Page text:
About two years ago, driving on the way home from college in Ohio, Matthew Crozier told his dad as they passed his former high school that when he got famous he wanted to start a scholarship fund there.
That dream will be realized, but Crozier will never get to see it happen.
That’s because two years ago this New Year’s Day, Crozier, who would now have been 22, died after falling about 30 feet over a railing at a University of Pennsylvania Phi Kappa Sigma International fraternity house while attending a party. The lawsuit contended the fraternity had been warned repeatedly to fix the railing.
His dad, Dave Crozier of the Makefield Brook development off Quarry Road in Lower Makefield, said his son’s dream will be reality because the family received an out-of-court settlement for $3 million, which will be used entirely to fund a scholarship.
The settlement has not been appealed and a family attorney said the money will be paid and put in an interest-bearing account for the scholarship.
“This lawsuit wasn’t about the money. It was started because we wanted to find out what really happened in my son’s death,” Dave Crozier said.
Prior to New Year’s Day 2011, Matthew Crozier, an organ donor whose organs saved the lives of seven people, had dreams of becoming a basketball coach.
“He did not want to be involved in our family business,” his dad said, who owns Pyrometer Inc. Co. in Windsor, N.J. “For as long as I can remember, he wanted to be a basketball coach in Division I.”
By all accounts, he would have achieved that.
Standing 6 feet 8 inches tall and weighing a solid 245 pounds, Crozier played center at both La Salle College High School in Wyndmoor, Montgomery County, and John Carroll University in Cleveland, Ohio. John Carroll is a Division III school.
Growing up, the younger Crozier was barely 6 feet tall in ninth grade, but then shot up, said his dad, who stands 6 feet 1 inch tall.
“Even though basketball was his whole life, he never really looked up to any sports figures. He was majoring in business in college,” he added.
In just two seasons at John Carroll, he scored more than 700 points and grabbed more than 400 rebounds.
“He was very competitive. That was his best trait. He loved everyone around him and nobody had a bad word to say about him,” said William Scott, a Fairless Hills attorney who assisted the family in setting up the scholarship fund in Matthew’s name.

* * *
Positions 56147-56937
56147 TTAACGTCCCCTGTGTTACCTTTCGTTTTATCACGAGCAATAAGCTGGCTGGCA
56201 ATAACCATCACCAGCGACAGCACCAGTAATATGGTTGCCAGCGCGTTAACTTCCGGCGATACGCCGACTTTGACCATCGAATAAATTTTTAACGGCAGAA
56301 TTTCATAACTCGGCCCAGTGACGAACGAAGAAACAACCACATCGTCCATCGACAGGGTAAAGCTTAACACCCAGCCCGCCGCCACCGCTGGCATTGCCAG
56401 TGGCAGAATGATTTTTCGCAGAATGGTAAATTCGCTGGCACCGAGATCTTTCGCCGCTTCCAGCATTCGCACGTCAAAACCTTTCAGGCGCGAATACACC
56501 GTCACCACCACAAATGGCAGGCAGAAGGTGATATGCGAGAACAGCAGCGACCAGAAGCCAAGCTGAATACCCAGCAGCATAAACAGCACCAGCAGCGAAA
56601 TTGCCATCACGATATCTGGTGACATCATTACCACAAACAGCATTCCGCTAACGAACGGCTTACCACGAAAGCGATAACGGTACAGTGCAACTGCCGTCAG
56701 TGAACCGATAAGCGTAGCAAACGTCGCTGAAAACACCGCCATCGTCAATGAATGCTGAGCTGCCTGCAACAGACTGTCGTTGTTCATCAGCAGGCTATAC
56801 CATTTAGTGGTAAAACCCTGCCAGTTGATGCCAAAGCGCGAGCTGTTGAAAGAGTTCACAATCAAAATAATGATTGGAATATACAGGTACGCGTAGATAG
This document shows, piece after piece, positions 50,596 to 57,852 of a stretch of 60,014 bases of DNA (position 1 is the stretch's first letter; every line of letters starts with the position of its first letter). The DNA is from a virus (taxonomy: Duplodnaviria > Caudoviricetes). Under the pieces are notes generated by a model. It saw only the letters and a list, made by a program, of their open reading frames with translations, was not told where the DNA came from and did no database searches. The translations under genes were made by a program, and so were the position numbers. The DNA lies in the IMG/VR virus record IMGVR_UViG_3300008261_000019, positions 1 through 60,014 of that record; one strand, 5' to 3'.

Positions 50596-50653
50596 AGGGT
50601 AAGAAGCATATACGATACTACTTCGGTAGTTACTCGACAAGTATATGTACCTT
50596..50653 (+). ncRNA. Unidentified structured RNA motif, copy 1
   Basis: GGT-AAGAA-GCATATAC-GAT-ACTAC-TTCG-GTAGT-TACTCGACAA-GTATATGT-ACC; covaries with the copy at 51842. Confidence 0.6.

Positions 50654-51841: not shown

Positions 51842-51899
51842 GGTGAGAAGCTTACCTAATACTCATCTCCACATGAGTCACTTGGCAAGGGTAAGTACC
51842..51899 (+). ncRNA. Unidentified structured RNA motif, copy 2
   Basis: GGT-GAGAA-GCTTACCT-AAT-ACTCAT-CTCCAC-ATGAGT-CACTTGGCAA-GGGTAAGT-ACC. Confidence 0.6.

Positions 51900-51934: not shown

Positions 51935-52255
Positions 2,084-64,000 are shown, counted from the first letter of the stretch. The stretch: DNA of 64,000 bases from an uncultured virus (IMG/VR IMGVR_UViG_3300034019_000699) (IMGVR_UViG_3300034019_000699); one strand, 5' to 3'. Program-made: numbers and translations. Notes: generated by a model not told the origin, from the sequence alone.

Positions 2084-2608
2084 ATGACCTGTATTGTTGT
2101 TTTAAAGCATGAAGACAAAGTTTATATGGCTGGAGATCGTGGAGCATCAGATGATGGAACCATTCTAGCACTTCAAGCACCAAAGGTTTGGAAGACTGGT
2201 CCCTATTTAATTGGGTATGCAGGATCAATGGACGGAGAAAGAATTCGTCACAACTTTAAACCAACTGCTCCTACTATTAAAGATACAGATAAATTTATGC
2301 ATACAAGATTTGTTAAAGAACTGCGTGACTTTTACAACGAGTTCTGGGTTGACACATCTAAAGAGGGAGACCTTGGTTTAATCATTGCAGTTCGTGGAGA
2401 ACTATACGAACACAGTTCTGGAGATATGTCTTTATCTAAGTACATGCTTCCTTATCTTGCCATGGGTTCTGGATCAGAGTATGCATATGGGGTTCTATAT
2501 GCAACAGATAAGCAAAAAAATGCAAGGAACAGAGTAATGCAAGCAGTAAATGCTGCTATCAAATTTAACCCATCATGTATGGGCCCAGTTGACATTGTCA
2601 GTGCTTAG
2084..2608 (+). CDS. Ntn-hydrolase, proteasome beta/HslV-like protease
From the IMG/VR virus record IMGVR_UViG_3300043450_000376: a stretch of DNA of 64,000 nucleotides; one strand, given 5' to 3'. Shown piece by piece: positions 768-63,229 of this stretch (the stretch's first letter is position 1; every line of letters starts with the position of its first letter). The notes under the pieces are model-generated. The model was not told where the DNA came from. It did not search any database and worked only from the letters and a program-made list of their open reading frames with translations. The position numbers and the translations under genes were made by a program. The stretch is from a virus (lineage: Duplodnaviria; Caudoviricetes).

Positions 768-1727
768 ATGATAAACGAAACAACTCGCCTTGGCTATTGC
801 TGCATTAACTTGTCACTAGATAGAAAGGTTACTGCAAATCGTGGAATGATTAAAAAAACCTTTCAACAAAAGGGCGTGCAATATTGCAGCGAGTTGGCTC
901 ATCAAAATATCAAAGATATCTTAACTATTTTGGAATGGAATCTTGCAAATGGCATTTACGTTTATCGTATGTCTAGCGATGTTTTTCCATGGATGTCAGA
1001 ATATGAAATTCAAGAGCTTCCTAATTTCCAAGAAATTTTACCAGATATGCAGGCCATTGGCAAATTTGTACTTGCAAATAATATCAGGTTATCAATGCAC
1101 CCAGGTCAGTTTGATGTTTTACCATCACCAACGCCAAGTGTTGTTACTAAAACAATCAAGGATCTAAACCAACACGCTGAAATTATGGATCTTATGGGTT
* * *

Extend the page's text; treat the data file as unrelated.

Scott also coached Crozier in the Catholic Youth League at St. Ignatius Church in Yardley.
The Matthew Crozier Scholarship Fund Inc. is set to begin for the 2013-2014 school year, Matthew’s dad said.
“He always told me that education is a gift you can’t take away from people. Although he is not here to see it, he will live on by making that come true for others,” his dad said.
“We’re in the process of now setting up a committee to see who gets a scholarship. We want to help as many students as we can. That would be the way my son would want it,” Dave Crozier said.
“The scholarship helps me deal with his loss. If we can change one kid’s life and send them to these institutions that they otherwise could not afford, it will be worth it,” Crozier said. “I read recently that student loan debt has exceeded credit card debt in this country. That is truly sad and we want to help.”
Scott spoke highly of Matthew Crozier and said, from a coaching standpoint, he saw a “driven” and “very competitive” individual.
“The foundation says a lot about him. And his basketball skills spoke volumes of his abilities as an athlete. He was so good that he couldn’t find a pickup game in Bucks County. He’d have to go to Philadelphia to find anyone to play with him; he was that good.”
The attorney who represented the Crozier family in the lawsuit, Robert J. Mongeluzzi, said he hopes others learn from their loss.
“There will never be true closure for Matt’s parents, but they hope this case sends a message to those responsible for the safety and welfare of their children on college campuses across the country.”